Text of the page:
Friday, 28 July 2017

LASIMRA said they didn’t approve mast on collapsed building

Yesterday, The Lagos State Infrastructure Maintenance and Regulatory Agency (LASIMRA)  said it never gave approval for the installation of a telecommunication  mast at the rooftop of the four-storey building that collapsed Tuesday afternoon.

LASIMRA’s General Manager, Jide Odekunle stated this during an interview at the agency’s headquarters in Agidingbi, Ikeja.

Noting that the mast was installed two weeks ago, Odekunle said the last approval LASIMRA gave for the installation of mast was four months ago.

He said they have commenced investigation to ascertain the owners of the mast, adding that they would face necessary sanctions when unmasked.

According to Odukunle, the agency within two months, derigged 91 illegal or abandoned masts within Ikeja, adding that plans for utility infrastructure audit across the state were underway.

He said: “That mast was illegal. It is not in our database, which means the owners did not even write us for permit. Besides, there is no way we wouldn’t given an approval for a mast on that building which was already defective.

“From our findings, the building was built about 35 years ago and it was already weak before the mast was placed on it. The last approval we issued for mast was four months ago.

“We have identified the type of mast that is. We understand that the people who went for the installation said they wanted to use it for CCTV surveillance. Different companies for masts. For now, we cannot say the particular company or contractor that has that one but we are investigating.

“As of Tuesday, the mast was not carrying any traffic. It has not been powered because the residents refused the mounting of an industrial generator to power it. So, it is difficult at the moment to know the network operator but we will definitely get to the root of it.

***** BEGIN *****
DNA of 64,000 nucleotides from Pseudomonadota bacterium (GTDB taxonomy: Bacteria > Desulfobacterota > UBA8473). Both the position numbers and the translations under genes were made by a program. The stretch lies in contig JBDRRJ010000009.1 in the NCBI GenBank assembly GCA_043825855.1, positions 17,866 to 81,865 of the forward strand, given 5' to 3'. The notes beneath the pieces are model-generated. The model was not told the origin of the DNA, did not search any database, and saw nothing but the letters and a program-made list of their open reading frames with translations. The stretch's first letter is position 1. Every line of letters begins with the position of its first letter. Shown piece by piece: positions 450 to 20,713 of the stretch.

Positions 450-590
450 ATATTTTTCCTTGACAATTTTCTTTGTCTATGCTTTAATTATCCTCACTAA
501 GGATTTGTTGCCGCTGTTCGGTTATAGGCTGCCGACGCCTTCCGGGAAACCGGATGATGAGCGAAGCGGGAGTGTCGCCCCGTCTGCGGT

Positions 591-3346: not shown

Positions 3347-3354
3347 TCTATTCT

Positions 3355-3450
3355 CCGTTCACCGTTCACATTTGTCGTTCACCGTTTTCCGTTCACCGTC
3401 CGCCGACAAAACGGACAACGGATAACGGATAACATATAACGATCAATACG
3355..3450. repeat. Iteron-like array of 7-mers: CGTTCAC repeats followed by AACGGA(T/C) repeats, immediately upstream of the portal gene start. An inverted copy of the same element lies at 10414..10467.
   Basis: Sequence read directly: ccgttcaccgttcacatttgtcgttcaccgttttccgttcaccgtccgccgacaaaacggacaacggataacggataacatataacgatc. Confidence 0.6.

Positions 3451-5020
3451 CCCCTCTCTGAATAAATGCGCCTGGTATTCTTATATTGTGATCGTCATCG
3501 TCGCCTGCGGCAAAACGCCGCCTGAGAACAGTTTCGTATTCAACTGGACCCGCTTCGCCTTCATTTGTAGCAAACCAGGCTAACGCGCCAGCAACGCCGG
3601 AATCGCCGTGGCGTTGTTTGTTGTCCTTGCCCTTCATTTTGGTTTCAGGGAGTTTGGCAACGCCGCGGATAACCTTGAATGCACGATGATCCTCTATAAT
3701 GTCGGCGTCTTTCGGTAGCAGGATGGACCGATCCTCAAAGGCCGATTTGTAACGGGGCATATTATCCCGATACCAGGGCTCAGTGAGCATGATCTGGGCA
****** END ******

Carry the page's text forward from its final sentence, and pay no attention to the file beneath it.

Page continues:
“We heard the owner of the building has fled. Someone was collecting money for the installations. Like I told you, we are investigating all these issues.

“A lot of criminal activities go on with the stakeholders. We keep calling and telling them. As a matter of fact, in the last two months, we have embarked on derigging abandoned and substandard masts.

“We started from Ikeja metropolis. We derigged about 91 that were substandard in Ikeja alone. The masts lacked specifications that we expected. From Ikeja, we shifted attention to Etiosa, where we have also been derigging in the past two weeks.

“The issue is, once we discover one that is substandard, nobody claims ownership of it. Since safety of residents is paramount to us, we quickly derig. We have been appealing to stakeholders to apply for permits and follow due process.

“We do not just issue permits, we also regulate utility infrastructure such as mast towels and underground cables. People are not allowed to put masts any how. There are standard procedures that most be followed and specifications that must be met that it why LASIMRA has to be carried along from start to finish.

“For masts on the ground, we test the soil specification, height of the mast and diameter to be sure it is okay and the community has to accept it, otherwise, we would not approve. Then, for rooftops, we conduct integrity test of the building, check the diameter.

“These things happen especially in places like Ojo. Developers go to operators to market their structures once they finish construction and collect money.

“We have been appealing to the public to contact the agency once they see anything they are not comfortable with. Once they see any installation going on and there is no approval permit from LASIMRA, they should contact us. We usually paste notices on installations we approve and we state the contractor, duration of the project and every other important detail for people around to see.

“We are expanding our monitoring unit. We want to have branches at Badagry, Ikorodu and Epe because aside endangering lives, these illegal installations are robbing the state of revenue. That notwithstanding, Lagosians have to assist us in monitoring as well.”

Asked if it was safe to install masts on residential buildings, Odekunle answered in the affirmative, noting that it was recommended global best practice since the height of the structures were far above human heights.

“There is no harm with rooftop mast installation. It is the recommended method globally. The fear about emission of radioactive materials to harm occupants is unfounded because the rooftop masts are way above human height. What should be of concern to us are oil spillage from generators we place on the floor, which penetrate the ground and get to water levels. He said.

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